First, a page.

Ditch the smart glasses. Mojo Vision's smart contact lenses want to track your fitness
Partnerships with Adidas Running and others are seeing if contact lens displays make a good fit for sports and fitness.
Scott SteinEditor at Large
I started with CNET reviewing laptops in 2009. Now I explore wearable tech, VR/AR, tablets, gaming and future/emerging trends in our changing world. Other obsessions include magic, immersive theater, puzzles, board games, cooking, improv and the New York Jets. My background includes an MFA in theater which I apply to thinking about immersive experiences of the future.
ExpertiseVR and AR, gaming, metaverse technologies, wearable tech, tabletsCredentials
Nearly 20 years writing about tech, and over a decade reviewing wearable tech, VR, and AR products and apps
It's been two years since I held a tiny contact lens with a display in it up to my eye. Mojo Vision's tech, which is still aiming toward a self-contained and Food and Drug Administration-approved testable prototype, promises a HUD you could wear without glasses, equipped with its own motion sensors and processor. While the company's original focus for the contact lens was on helping the visually impaired, which remains Mojo Vision's longterm goal, the company's newest partnership with several fitness and sports companies explores how and if the lenses could work as eye-worn fitness readouts, too.
Mojo Vision is working with companies that cover running (Adidas), hiking and cycling (Trailforks), yoga (Wearable X), snow sports (Slopes) and golf (18Birdies). According to Steve Sinclair, Mojo Vision's senior VP of product and marketing, the partnerships are about trying to determine what the best interfaces would be, and whether markets in fitness and sports training would be a good fit.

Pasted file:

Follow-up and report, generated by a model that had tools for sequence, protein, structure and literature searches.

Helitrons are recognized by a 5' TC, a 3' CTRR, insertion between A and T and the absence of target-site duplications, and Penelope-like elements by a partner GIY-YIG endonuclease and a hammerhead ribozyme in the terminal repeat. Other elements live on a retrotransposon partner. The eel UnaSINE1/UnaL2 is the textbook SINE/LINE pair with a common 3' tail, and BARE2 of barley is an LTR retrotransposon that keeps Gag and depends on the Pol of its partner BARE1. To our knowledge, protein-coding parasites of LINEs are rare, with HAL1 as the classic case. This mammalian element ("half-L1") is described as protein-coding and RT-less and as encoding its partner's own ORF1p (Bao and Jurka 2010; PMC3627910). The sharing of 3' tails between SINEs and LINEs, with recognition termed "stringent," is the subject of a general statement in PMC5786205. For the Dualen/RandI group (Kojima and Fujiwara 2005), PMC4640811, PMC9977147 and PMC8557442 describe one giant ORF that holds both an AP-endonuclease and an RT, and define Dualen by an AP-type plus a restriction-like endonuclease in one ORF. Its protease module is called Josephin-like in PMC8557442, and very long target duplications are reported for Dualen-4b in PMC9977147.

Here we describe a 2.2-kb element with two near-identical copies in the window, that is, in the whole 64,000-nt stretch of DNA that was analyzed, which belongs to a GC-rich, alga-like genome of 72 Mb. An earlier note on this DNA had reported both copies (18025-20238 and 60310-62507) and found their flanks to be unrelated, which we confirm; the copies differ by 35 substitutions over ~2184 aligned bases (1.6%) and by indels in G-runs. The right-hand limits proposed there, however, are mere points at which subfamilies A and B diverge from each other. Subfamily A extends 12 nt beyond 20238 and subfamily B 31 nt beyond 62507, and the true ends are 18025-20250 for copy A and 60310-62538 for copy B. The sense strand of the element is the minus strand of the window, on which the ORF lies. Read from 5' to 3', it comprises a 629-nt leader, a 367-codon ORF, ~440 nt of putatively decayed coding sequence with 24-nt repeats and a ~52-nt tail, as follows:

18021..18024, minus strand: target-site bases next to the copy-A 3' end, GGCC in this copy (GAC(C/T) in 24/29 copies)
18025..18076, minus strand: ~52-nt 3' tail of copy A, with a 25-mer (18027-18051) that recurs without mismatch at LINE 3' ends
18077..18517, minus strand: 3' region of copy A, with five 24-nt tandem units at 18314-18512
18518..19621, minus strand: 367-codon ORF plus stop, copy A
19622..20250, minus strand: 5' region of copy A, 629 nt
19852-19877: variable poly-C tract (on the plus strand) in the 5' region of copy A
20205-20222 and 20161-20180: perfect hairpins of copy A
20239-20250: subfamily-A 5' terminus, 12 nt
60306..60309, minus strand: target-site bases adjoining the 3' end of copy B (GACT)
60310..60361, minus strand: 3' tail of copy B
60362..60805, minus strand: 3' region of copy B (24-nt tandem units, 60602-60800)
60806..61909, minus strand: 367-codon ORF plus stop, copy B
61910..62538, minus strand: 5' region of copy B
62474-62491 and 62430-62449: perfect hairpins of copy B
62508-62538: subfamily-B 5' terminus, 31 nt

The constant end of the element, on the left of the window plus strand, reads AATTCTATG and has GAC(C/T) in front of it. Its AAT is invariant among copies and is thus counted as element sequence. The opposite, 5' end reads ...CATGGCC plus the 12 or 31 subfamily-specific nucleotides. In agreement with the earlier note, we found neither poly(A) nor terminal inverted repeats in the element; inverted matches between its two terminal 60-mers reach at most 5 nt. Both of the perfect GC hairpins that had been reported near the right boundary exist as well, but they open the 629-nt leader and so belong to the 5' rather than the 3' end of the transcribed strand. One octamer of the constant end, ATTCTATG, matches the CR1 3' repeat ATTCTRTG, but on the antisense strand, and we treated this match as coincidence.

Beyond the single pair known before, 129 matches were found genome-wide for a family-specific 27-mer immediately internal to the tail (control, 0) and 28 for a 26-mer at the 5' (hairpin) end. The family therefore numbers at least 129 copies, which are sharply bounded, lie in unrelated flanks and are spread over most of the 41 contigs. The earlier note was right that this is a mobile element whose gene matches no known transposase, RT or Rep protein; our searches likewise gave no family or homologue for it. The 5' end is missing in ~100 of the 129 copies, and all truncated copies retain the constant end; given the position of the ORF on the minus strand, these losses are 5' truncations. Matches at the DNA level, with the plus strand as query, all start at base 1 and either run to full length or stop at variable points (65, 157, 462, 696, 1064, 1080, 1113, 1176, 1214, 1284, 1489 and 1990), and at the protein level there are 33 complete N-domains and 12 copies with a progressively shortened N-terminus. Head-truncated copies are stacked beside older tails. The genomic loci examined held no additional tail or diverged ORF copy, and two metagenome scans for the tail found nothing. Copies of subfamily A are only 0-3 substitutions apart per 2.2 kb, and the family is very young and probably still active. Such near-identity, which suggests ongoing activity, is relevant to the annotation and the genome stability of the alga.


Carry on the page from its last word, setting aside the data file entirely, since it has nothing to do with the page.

Mojo Vision's announcement leans on survey results the company collected from over 1,300 sports enthusiasts, indicating that athletes tend to use wearables for data collection (not surprising) and would benefit from better data access. The survey notes that 50% wanted real-time data (again, not surprising based on the current fitness tracker market). The partnership is more geared toward exploring possibilities, rather than having any sort of definitive solution in mind.
There are already a number of heads-up displays for sports use, including ski and swim goggles. What's unclear is if wearable contact lenses with displays in them would be helpful as opposed to distracting. It's also unclear whether Mojo Vision's eye movement-based control of the lenses' interface would be used, or if display readouts for things like heart rate would remain static. Or, would you just prefer to look at your watch? In a discussion over video chat, Sinclair suggested that a lot of the possibilities would be focused on training, not during live events.
Eventually, the idea of wearable displays and glasses working as connected readouts with fitness watches seems inevitable. Whether or not contact lenses end up feeling safer to use than glancing at a watch depends on how easy Mojo Vision's lenses will be to wear and read. We don't know the answers to that yet, but the overlaps between smart glasses and fitness trackers are likely only getting started.